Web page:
I got home, dusted myself off (errrr wipe all the sweat off), and taped another damn audition.


So what?

So, none of my work this week has borne fruit. Or has it? Isn’t each attempt a step in the right direction? Good practice? Immunity-building? And what if, rather than breaking you down, each rejection makes you stronger and more determined?

As I was considering these questions on Friday, I came across an incredible passage in East of Eden, greatly condensed for you here:

What do I believe in? What must I fight for and what must I fight against? Our species is the only creative species, and it has only one creative instrument, the individual mind and spirit of a man. […] If the glory can be killed, we are lost.

‘The glory’, as Steinbeck defines it, is what I have described in my Tuesday-Wednesday euphoria. I suppose it’s only right that that should come with a little pain. The worst thing would be for it to never come at all.

For then we would be lost.



PS I’ve also been thinking about how lucky I am that I don’t have to deal with rejection AND discrimination like so many actors who are BAME, full figured, or otherwise deviant from the very narrow expectation that is considered ‘the norm’. Major props and admiration for that even steeper uphill battle, to which I hope I am an ally.

PPS Obviously none of these photos of the glorious social reject/outcast Winona Ryder are my own… thanks, Google!


12 thoughts on “Rejection Leave a comment

  1. First off, yay for the Winona pictures!! “I myself am strange and unusual,” is one of my favorite movie lines :)). Now, as for rejection, believe me, I know my way around a rejection. However, I do notice a difference in my attitude toward a non-fiction rejection and a fiction rejection. Although rejections (mostly) roll off like water from a duck at this point (that immunity thing you mention), the fiction ones always sting a little more since I feel like I’ve put myself, my creativity out there more than with a non-fiction idea.

    Still, I only have to deal with a faceless emails to send out my “auditions” and rejections. Having to interact face-to-face with the people judging me would be awful and it would be really hard not to take it personally. But you’re out there doing it, getting auditions, and learning from them. THAT is the best (albeit painful) way to improve. Seize that dream, girl!!! After watching Heathers once more, of course.

    Liked by 1 person

    • Winona is THE BEST AND I AM OBSESSED WITH HER. Yes, rejection is much harder to not take personally when you have put yourself–your person–out there creatively! Awful. But hopefully we are only getting stronger and stronger… because probably nothing worth creating is ever created without rejection? Or something? Ho hum, thank you for your encouragement – and I urge you to keep seizing that dream too! And try not to snap and go all Heather in the meantime…..

      Liked by 1 person

      • Can you imagine what an ass the person is who never once got rejected? It’s humbling to get knocked down a peg (or ten) and does make you work harder to improve yourself. And how funny that I just listened to the Beetlejuice soundtrack last week…we are channeling Winona!

        Liked by 1 person

  2. “Rather than an audition, I approached it as a fun opportunity to get up and do some acting with other talented actors.”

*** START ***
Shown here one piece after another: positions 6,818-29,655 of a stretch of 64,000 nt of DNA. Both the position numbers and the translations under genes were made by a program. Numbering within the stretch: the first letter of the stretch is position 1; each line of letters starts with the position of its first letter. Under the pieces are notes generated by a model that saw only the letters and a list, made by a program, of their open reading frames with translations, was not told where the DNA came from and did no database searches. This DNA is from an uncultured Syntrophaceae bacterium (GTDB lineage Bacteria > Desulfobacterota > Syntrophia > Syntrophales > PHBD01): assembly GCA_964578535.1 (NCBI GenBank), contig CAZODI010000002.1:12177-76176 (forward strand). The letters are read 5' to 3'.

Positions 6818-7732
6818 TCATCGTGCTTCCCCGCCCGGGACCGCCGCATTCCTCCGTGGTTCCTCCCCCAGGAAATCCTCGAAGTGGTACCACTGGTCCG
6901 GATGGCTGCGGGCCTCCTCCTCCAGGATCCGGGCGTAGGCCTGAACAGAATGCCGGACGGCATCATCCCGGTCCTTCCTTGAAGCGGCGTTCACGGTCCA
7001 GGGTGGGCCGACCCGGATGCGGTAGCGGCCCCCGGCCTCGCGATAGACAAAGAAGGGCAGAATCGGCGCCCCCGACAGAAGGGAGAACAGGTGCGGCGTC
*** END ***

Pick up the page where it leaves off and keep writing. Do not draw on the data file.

This is always how I approached auditions, and it helped so much. A slight twist for my thought process: “This may be my only chance to play this role, or act in this play, etc., so let’s kill it and have a blast.”

    Liked by 1 person

    • Totes – it’s a good thing to remember but sometimes goes out the window when I get really nervous. Your second tactic/thought process does NOT work for me, unfortunately!!! As soon as I start thinking along any lines that are ‘only chance’ and ‘one shot’ and ‘I really want this’ (which is EVERY TIME), I get incredibly nervous and do horribly. Pressure. My latest opposite technique is to tell myself that the project is probably terrible, I hate it, it’s no big deal, I am merely gracing them with my presence, obviously I will be the best thing they’ll see. It’s sometimes hard to convince myself of these liiiiiiiiies! 🙂


  3. Thanks for this inspiring reflection, as told through Winona’s on-screen history! 🙂 Rejection-pain is like no other, and it’s def. hard not to internalize. Bravo on finding the will to continue on with the work (and the glory!). This description of the highs and lows is so spot on; when I’ve confronted them, I tell myself they exist because I care and I hope (and want to keep doing both!). And, with every attempt brave and weather, I like to think that we become more of ourselves and discover good things to give (and as you write, no one can take that away!). Your post is so expressive of grit and resilience and digging deep. “Now you are a lioness”! (said C.S. Lewis).

    Liked by 1 person

    • Lioness, yes, I love it! I realise that every day shouldn’t feel like some sort of battle I need to be strong for… but that’s just my reality right now. Roar! And you’re right, it does force you to become more yourself–when you don’t give up and give in to the lows. Thank you for your encouragement and empathy, Shirley ❤

      Liked by 1 person

  4. DAMMIT! Sorry, I went to hit “delete” and got “send” instead! Let’s try again… So yes, it’s awesome to see you putting yourself out there and working towards escaping the office in favour of persuing something waaaaay more satisfying. And the occasional rejection is going to be a part of that – but if you KNOW that, and you’re ready to take it in your stride, you really will be unstoppable! Plus this post is a timely reminder to all of us not to let those disappointments drag us down. Cheers, Weekes! 😀

    Liked by 1 person